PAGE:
Purging is the process of using laxatives, forced vomiting, and other extraordinary measures to prevent the body from absorbing food, often in an attempt to avoid gaining weight.
Purging and Bulimia
Purging is strongly associated with bulimia nervosa, an eating disorder during which a person binges on large quantities of food and then purges to avoid gaining weight. People with bulimia eat larger quantities of food than are necessary for proper nutrition and health, often in response to stress or emotional turmoil. Both bingeing and purging often occur in secret.
When purging does not occur within the context of another eating disorder like bulimia, it is classified under the heading Other Specified Feeding or Eating Disorder (OSFED) in the Diagnostic and Statistical Manual, Fifth Edition (DSM-5).
Risks of Purging
Purging poses numerous health risks. People who regularly purge may experience:
- Dental problems, as acid from vomit erodes tooth enamel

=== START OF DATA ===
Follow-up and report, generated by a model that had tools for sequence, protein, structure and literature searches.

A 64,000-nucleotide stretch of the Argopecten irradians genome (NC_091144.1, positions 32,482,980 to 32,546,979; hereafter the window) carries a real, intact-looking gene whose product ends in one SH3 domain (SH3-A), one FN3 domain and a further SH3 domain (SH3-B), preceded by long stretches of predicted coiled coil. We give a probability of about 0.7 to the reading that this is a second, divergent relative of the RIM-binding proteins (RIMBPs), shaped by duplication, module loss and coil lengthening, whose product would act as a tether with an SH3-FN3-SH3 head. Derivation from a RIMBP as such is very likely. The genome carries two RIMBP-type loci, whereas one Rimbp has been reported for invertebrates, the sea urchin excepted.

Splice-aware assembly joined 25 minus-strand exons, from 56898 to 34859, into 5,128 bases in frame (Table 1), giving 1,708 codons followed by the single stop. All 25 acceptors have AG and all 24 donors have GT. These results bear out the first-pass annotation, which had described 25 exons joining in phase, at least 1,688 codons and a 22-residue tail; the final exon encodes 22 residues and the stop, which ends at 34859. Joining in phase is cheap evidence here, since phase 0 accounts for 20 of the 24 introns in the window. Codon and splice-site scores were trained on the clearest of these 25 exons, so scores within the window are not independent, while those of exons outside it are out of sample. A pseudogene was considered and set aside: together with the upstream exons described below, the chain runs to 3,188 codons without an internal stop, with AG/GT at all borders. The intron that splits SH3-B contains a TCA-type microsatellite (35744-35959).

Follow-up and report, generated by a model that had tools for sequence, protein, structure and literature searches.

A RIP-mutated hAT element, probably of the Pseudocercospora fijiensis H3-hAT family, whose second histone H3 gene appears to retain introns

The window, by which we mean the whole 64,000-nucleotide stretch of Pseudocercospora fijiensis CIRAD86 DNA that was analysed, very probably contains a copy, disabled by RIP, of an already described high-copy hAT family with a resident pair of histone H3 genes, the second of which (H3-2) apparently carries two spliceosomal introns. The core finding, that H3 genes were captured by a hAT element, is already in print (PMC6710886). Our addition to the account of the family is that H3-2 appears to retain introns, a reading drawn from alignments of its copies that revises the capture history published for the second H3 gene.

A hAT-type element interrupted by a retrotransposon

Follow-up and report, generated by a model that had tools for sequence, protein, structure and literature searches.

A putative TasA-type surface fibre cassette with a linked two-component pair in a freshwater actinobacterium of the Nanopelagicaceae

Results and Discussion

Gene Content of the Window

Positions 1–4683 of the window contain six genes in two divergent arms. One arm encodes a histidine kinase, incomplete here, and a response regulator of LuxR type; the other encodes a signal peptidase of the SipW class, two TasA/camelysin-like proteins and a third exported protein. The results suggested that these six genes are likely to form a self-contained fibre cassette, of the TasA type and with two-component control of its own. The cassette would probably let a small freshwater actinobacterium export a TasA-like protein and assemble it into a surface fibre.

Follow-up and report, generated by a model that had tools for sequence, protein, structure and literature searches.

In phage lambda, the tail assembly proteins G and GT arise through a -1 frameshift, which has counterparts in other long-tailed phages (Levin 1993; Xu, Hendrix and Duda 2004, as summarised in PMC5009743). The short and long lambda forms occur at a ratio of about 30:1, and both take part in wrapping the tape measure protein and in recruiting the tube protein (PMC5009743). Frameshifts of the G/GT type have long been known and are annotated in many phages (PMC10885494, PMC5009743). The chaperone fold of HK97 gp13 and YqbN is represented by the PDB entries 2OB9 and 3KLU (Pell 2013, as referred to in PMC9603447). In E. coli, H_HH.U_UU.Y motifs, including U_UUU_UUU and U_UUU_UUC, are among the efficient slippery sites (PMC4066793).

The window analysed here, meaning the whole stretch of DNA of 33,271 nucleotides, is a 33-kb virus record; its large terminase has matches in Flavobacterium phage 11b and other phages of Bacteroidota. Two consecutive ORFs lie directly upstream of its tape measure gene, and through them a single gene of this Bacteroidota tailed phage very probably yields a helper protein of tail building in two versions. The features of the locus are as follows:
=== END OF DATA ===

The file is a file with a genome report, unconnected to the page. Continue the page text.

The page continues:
- Throat problems such as hoarseness, throat pain, and frequent coughing
- Electrolyte imbalances in the body
- Cardiovascular problems
- Digestive problems
- Malnourishment and/or dehydration
- Unhealthily low body weight
Causes of Purging
Distortions in body image play a strong role in purging. Societal expectations can also increase the likelihood of purging, particularly in someone who has low self-esteem. Women are more likely to engage in purging behaviors, probably because of the strong pressure they face to conform to social expectations demanding a thin body. Depression, anxiety, and other mental health issues may also increase the risk of purging behavior, and purging can both worsen and contribute to mental health concerns.
- Keel, P. K. (2008). Purging disorder in practice. Eating Disorders. Retrieved from http://www.bulimia.com/client/client_pages/nl_edr_19_3.cfm
- Mayo Clinic Staff. (2012, April 03). Bulimia. Mayo Clinic. Retrieved from http://www.mayoclinic.com/health/bulimia/DS00607
Last Updated: 08-18-2015
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